Elmira, Chemung Co.)

(handwritten - branch 13 and branch 14)

(end of page 19)



Page 648. At a meeting of the Surveyor Generals, May 4, 1789.
John Cook vs. William Latta, et al. Cook not appearing his caveat is
ordered to be dismissed unless he shall shew cause to the contrary the
first Monday in September next.

page 662. Meeting of the Surveyor General, Sept. 7, 1789.
Cook vs. Latta and Baise being allowed patents on the 4th day of May,
last if cause not shewn to the contrary ____ the said ______. Order is
(the rest of this is lost).

Oath of Allegiance. Penn. Archives, 2d series, Vol. 3,
1777. Sept. 23. Moses Latta, Westmoreland Co. Pa.
1778. July 2, Robert Latta and James Latta. Vol. 13, p. 435.

Pennsylvania Archives. Vol. 11, p. 16.
Bedford Co. to the Hon. the Executive Counsel, now held in Lancaster
these are to certify that by a number of freeholders of Bedford Co. Dublin
Tp. James Carmichael was duly elected and chosen a candidate for said
Township as a Justice of the Peace. Witness our hands this 11th day of
May, 1778. P. S.- The said Carmichael is recommended by us, the
subscribers. Signed John Latta and others.

Vol. 11, p. 405. Westmoreland Co. Pa. This indenture made the 14th
day of October, 1779, between William Perry, Esq. High Sheriff of the
County of Westmoreland, of the one part, and James Berwick, Esq. James
Clark, Esq. and Michael Rugh, Esq. Judges of the General Election for the
county aforesaid, witnesseth, that in pursuance of the laws of
Pennsylvania, on October 12, 1779, the aforesaid persons were duly elected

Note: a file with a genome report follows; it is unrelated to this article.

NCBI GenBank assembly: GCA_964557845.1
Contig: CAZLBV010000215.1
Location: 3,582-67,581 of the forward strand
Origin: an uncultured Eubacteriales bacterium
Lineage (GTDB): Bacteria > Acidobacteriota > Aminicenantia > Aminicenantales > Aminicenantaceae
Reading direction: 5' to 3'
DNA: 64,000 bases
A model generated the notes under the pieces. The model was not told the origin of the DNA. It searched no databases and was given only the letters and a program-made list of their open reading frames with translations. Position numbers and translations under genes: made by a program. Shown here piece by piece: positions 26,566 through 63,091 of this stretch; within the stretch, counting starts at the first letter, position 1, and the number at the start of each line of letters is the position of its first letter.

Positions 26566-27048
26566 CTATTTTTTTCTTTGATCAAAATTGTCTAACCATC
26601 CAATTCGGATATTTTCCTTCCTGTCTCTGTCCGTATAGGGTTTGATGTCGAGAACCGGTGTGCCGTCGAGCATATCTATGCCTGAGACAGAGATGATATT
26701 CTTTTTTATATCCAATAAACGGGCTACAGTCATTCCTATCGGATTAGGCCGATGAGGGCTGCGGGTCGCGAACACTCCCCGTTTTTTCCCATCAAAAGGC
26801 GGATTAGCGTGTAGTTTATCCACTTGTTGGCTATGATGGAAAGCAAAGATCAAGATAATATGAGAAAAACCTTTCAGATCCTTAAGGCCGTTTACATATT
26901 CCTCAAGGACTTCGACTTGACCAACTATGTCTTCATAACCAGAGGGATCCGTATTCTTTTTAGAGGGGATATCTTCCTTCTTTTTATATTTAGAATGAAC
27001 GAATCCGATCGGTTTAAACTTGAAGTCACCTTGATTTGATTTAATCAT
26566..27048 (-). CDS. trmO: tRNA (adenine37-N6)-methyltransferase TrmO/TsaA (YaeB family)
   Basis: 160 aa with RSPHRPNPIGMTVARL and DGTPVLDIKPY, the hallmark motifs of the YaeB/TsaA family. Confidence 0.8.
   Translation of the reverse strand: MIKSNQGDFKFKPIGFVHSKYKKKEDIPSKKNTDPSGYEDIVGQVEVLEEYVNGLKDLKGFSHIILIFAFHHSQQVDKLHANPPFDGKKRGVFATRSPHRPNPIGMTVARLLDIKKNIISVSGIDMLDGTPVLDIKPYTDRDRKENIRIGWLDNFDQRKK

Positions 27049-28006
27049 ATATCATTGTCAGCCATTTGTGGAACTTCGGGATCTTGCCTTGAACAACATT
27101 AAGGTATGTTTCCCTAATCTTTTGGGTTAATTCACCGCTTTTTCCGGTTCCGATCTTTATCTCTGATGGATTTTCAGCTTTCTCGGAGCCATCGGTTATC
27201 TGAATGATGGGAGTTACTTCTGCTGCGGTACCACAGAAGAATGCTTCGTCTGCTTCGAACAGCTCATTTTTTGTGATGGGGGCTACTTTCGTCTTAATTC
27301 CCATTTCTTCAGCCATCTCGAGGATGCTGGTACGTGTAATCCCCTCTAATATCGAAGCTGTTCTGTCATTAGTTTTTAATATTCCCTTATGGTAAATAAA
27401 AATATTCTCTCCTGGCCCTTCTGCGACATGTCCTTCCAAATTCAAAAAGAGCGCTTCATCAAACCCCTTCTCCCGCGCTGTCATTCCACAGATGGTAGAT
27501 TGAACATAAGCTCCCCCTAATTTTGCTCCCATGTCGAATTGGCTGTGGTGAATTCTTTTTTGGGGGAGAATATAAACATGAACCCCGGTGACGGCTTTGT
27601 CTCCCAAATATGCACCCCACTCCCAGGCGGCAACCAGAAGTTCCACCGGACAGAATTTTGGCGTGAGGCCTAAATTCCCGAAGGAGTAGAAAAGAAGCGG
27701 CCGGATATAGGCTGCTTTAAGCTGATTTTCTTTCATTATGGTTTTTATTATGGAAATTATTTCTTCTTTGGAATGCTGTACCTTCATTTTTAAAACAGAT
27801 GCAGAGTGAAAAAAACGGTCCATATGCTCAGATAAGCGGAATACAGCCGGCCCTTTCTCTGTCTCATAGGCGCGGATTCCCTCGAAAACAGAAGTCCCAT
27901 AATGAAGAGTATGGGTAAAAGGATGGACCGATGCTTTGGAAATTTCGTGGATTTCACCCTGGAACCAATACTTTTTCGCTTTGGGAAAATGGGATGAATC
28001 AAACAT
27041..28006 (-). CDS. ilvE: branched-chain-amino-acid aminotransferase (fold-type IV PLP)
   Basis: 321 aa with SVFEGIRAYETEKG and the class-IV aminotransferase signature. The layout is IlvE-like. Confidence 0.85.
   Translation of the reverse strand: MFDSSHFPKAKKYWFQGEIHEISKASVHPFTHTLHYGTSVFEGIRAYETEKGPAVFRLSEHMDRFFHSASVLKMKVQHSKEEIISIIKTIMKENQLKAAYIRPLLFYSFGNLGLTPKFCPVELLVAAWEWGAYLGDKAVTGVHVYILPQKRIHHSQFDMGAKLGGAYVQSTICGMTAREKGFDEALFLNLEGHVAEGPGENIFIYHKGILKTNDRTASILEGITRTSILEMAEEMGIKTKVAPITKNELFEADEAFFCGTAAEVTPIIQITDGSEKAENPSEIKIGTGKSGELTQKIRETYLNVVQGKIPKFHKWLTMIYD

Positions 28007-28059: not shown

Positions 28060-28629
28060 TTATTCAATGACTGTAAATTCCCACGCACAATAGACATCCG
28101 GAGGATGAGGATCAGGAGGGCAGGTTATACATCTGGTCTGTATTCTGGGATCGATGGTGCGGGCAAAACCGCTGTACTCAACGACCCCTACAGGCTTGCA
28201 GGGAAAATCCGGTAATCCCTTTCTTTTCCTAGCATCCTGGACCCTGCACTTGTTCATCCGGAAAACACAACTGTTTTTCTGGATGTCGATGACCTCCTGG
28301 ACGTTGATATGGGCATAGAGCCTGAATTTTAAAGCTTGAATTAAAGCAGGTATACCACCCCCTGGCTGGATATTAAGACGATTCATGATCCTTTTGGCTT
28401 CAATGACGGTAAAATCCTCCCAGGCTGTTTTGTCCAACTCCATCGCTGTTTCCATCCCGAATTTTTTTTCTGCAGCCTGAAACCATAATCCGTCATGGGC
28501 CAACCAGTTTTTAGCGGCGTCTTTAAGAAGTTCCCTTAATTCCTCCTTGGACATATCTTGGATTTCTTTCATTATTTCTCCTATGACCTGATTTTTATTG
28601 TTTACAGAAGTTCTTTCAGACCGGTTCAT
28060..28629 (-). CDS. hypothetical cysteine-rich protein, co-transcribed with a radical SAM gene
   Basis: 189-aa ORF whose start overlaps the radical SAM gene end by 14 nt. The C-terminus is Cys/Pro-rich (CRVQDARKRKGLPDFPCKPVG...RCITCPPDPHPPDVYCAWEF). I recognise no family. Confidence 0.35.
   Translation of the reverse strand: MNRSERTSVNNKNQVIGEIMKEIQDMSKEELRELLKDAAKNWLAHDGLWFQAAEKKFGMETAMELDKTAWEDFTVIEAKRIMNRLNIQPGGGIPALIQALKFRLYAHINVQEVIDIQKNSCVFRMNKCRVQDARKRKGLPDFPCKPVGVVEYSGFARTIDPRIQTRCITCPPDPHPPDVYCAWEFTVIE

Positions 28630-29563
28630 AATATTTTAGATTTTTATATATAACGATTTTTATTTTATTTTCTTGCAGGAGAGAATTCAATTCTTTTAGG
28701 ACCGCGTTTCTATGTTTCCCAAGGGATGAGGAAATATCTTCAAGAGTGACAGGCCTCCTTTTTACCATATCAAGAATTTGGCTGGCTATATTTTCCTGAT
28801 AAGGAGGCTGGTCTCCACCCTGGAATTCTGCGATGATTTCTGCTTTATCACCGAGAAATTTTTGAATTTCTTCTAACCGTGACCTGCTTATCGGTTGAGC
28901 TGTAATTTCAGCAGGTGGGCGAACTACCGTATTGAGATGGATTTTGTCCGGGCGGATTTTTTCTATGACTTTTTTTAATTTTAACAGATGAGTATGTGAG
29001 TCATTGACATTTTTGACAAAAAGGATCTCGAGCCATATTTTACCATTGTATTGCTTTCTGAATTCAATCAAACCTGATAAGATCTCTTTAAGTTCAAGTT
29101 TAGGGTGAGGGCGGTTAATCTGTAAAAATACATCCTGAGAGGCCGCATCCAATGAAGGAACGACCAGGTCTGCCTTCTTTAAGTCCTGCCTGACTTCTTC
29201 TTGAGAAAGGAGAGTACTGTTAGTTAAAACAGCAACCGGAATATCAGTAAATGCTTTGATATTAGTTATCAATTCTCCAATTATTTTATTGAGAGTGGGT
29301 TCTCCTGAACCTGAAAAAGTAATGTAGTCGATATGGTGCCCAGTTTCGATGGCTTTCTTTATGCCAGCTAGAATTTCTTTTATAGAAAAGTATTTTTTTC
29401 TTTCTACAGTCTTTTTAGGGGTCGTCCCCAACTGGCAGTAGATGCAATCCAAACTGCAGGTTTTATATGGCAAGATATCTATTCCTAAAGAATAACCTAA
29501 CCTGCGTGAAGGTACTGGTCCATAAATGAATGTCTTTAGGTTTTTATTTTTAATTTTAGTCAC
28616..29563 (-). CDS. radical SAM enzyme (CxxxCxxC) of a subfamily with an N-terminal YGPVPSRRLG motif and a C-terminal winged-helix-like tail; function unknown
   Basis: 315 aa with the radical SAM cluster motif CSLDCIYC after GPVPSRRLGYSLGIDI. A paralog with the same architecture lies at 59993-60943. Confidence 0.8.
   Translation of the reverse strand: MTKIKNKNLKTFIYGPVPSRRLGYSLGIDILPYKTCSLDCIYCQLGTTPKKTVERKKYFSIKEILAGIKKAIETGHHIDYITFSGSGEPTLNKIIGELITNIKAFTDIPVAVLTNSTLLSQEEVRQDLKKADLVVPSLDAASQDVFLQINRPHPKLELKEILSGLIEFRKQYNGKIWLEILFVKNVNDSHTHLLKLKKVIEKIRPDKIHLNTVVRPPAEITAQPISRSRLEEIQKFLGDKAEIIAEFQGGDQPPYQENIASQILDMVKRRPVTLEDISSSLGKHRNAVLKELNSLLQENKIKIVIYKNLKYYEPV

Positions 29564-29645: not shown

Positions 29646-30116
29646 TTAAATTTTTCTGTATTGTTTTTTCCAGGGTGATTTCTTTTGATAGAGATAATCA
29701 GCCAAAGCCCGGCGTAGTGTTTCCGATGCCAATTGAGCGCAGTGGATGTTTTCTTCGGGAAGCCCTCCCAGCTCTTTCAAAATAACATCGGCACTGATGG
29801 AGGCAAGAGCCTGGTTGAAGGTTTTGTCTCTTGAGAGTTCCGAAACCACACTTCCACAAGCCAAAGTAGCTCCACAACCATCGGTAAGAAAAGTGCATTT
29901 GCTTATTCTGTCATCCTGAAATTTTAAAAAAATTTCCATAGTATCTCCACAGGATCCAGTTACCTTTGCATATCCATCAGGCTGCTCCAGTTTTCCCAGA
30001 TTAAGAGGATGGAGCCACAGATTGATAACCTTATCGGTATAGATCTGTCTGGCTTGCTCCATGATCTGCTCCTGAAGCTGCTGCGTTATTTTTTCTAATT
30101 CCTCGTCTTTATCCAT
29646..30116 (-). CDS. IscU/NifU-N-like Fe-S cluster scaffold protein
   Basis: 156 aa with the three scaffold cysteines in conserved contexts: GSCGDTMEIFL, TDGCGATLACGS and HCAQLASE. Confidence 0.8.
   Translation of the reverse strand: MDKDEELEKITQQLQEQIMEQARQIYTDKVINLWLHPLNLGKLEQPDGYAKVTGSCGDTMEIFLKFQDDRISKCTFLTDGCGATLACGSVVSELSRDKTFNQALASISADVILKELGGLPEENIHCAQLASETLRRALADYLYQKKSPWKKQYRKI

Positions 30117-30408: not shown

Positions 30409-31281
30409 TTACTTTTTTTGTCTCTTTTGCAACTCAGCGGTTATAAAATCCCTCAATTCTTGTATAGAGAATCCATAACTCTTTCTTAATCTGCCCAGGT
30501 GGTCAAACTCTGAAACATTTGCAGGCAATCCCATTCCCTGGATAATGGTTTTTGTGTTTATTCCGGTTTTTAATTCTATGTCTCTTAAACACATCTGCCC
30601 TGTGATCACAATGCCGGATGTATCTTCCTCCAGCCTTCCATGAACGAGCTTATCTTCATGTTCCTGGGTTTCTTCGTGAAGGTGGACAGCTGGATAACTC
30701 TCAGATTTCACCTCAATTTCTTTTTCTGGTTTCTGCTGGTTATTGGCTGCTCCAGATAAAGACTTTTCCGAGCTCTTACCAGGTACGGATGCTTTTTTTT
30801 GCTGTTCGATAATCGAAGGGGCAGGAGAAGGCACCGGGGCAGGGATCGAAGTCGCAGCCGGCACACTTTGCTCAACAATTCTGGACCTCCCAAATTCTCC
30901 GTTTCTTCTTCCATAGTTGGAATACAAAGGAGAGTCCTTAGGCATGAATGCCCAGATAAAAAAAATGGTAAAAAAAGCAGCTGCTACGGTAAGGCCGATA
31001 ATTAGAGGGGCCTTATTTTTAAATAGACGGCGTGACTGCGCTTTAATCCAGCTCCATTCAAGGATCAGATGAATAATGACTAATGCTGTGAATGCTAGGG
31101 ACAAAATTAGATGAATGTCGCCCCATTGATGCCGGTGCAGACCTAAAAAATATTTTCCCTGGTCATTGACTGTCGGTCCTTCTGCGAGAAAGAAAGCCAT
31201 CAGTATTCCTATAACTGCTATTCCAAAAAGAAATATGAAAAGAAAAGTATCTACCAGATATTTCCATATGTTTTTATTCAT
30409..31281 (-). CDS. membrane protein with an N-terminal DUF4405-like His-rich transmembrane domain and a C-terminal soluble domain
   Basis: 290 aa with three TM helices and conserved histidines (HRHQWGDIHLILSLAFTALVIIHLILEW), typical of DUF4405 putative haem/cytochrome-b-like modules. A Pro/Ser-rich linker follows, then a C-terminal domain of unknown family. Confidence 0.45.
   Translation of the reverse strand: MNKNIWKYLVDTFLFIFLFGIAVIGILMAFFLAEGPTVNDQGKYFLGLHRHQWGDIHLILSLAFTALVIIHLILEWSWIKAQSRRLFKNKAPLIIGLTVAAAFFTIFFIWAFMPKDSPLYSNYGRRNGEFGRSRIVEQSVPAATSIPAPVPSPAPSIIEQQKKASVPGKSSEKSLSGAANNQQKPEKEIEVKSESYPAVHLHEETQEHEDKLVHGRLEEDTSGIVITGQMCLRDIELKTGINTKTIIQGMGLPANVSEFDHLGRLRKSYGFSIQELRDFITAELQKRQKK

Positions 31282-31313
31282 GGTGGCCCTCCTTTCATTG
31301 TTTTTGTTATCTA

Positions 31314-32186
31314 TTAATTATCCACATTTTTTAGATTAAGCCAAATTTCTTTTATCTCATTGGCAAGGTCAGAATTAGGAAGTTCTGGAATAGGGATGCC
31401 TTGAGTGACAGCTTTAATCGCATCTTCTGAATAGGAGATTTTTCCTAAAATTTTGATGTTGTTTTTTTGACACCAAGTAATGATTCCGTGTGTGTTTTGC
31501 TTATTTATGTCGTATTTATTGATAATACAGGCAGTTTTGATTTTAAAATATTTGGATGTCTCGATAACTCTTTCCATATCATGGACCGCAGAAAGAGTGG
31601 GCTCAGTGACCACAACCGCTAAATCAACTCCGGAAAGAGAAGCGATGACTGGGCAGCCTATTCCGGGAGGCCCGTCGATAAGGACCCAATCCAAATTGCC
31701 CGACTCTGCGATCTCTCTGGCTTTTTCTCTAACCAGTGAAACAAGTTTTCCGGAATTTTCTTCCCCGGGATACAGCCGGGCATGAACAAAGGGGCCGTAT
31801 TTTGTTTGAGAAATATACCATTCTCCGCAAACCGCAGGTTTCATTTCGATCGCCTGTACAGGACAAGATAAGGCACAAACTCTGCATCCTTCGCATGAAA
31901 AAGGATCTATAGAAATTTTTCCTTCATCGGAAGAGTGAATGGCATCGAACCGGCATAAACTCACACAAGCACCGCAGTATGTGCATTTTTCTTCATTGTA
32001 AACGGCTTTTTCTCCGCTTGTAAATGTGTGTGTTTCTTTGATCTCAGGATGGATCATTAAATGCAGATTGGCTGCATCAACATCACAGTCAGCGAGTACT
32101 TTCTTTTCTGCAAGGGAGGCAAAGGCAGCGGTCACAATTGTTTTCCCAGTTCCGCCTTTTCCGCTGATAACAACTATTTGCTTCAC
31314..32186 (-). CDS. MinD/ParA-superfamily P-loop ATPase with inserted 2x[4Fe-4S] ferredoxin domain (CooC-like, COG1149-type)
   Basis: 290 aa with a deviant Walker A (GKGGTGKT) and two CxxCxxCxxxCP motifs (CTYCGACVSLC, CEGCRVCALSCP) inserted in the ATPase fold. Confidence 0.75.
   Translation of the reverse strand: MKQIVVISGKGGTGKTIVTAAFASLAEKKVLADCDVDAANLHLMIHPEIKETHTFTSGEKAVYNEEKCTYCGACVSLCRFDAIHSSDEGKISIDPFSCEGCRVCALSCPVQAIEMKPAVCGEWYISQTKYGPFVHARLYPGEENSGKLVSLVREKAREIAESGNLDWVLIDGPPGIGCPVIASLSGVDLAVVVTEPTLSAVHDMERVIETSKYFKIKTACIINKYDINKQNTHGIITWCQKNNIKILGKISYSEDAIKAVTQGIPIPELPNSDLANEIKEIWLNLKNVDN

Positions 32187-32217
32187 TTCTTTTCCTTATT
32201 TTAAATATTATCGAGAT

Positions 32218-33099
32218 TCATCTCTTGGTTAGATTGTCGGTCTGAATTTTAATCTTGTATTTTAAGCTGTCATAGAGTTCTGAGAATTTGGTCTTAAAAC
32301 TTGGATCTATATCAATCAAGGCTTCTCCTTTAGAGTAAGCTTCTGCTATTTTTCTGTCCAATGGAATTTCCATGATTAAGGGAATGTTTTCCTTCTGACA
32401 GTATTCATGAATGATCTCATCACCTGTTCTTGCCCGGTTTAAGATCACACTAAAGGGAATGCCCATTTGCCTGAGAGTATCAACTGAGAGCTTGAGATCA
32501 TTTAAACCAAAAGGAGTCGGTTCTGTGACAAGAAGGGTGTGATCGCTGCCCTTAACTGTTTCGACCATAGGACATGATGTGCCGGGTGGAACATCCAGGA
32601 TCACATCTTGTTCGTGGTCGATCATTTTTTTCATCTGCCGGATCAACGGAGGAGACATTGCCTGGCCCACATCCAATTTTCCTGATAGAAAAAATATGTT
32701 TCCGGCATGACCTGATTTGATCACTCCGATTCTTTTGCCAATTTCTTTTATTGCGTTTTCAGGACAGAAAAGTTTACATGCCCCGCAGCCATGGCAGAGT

to the following offices --William Latta, Commissioner for said county for
the ensuing year. Witness, etc.

Nine old tattered volumes containing all deeds, contracts, wills,
mortgages, and similar papers in Georgia, when Georgia was a British
colony, have been given to the department of Archives and History. All
efforts to get the legislature to provide an appropriation for their
restoration have been in vain.-- Dearborn Independent, Mar. 1, 1924. These
books probably contain much valuable history of the Latta family.

Scotsmen will argue that all of the same clan are popularly
considered as descended from the same stock, and as having a right to the
ancestral honor of the chief branch. This opinion is so strong even at
this day that it may be observed as a national difference between my
countrymen and the English. If you ask an Englishman of good birth
whether a person of the same name is connected with him, he answers, (if
in dubio) "No, he is a mere namesake". Ask a similar question to a
Scotsman, he replies "He is one of our clan. I dare say there is a
relationship, though I do not know how distant". The Englishman thinks of
discountenancing a species of rivalry in Society. The Scotsman's answer
is founded on the ancient idea of strengthening the clan.--Note B. in Sir
Walter Scots novel, The Abbott, published by Collier, New York.

"The Kellogg in the Old World and the New" Index Vol. p. 2170, Public
Library, Denver, Colo. Only the Index is in the library. It gives LATTA,
Mary, p. 247. Susan Almeda, p. 1787. Can this be Susan Almeda and Mary
Latta, children of Albert and Lois Orton Latta, Branch 4, fam. 15? -
marked out).

(end of page 20)



(newspaper article) Answer - It is possible that you will have to study
the records of Edgecombs County for records as early as 1733 as Granville